Amazon Machine Learning can do many things such as detecting problematic transactions, preventing customer churn, and improving customer support. The related APIs and wizards guide developers through the process of creating and tuning machine learning models that the company says can be easily deployed and scale to support billions of predictions.

The goal of the solution is to make machine learning broadly accessible to all software developers by abstracting away this complexity and automating these steps which require expertise in statistics, data analysis, and machine learning. Moreover, developers can quickly create as many models as they need, and generate predictions from them with high throughput without worrying about provisioning hardware, distributing and scaling the computational load, managing dependencies, or monitoring and troubleshooting the infrastructure.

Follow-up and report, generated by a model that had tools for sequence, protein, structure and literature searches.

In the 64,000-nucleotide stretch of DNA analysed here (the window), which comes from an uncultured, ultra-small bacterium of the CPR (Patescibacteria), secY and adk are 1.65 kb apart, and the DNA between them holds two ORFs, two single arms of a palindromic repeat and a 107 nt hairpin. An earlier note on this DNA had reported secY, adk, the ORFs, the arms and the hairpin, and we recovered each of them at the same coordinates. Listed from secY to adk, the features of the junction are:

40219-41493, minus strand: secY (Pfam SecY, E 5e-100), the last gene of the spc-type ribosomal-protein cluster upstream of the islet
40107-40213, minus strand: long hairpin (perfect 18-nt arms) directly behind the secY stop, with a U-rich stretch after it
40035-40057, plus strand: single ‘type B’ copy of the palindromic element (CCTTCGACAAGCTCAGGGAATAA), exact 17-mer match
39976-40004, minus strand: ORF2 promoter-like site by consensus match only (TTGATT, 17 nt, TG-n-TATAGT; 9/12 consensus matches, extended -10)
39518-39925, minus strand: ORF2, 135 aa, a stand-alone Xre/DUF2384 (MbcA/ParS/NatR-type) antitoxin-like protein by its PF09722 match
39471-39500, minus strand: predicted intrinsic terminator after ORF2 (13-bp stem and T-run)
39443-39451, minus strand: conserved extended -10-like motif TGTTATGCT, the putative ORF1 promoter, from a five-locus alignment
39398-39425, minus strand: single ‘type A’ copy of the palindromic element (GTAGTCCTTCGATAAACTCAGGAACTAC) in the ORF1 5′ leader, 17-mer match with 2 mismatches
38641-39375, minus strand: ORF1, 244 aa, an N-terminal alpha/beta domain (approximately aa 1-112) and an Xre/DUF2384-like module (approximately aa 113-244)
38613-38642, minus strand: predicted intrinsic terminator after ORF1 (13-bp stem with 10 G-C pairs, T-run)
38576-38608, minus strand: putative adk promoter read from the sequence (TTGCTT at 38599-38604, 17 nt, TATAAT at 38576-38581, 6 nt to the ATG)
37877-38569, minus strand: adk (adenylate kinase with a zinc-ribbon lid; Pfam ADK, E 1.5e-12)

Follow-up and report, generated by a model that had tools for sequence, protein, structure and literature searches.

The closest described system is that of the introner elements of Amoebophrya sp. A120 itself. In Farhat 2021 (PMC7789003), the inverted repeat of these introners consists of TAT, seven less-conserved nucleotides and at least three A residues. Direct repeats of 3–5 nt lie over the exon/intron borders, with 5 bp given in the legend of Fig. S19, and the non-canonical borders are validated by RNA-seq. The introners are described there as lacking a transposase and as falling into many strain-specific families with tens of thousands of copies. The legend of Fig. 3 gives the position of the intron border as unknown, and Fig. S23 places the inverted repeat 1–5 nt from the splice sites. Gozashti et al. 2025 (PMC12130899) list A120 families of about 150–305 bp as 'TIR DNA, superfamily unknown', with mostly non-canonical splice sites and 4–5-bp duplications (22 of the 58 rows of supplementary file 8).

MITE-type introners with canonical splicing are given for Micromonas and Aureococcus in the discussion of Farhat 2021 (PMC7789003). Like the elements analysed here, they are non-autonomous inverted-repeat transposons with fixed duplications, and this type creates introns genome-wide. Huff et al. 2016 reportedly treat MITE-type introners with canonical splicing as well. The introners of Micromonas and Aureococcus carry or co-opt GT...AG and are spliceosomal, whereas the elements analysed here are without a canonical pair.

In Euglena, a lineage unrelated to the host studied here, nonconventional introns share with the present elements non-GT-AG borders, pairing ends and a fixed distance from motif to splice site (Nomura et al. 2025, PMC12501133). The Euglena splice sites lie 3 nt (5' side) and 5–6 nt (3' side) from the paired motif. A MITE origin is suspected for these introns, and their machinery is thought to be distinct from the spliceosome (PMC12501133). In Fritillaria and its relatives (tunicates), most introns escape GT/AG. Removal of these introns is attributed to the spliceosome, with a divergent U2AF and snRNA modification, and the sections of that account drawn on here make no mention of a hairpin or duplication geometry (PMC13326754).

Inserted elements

“Amazon has a long legacy in machine learning. It powers the product recommendations customers receive on Amazon.com, it is what makes Amazon Echo able to respond to your voice, and it is what allows us to unload an entire truck full of products and make them available for purchase in as little as 30 minutes,” said Jeff Bilger, Senior Manager, Amazon Machine Learning. “Early on, we recognized that the potential of machine learning could only be realized if we made it accessible to every developer across Amazon. Amazon Machine Learning is the result of everything we’ve learned in the process of enabling thousands of Amazon developers to quickly build models, experiment, and then scale to power planet-scale predictive applications.”

Another salient bit of information is the following provided by the company – the bolded area was added by me.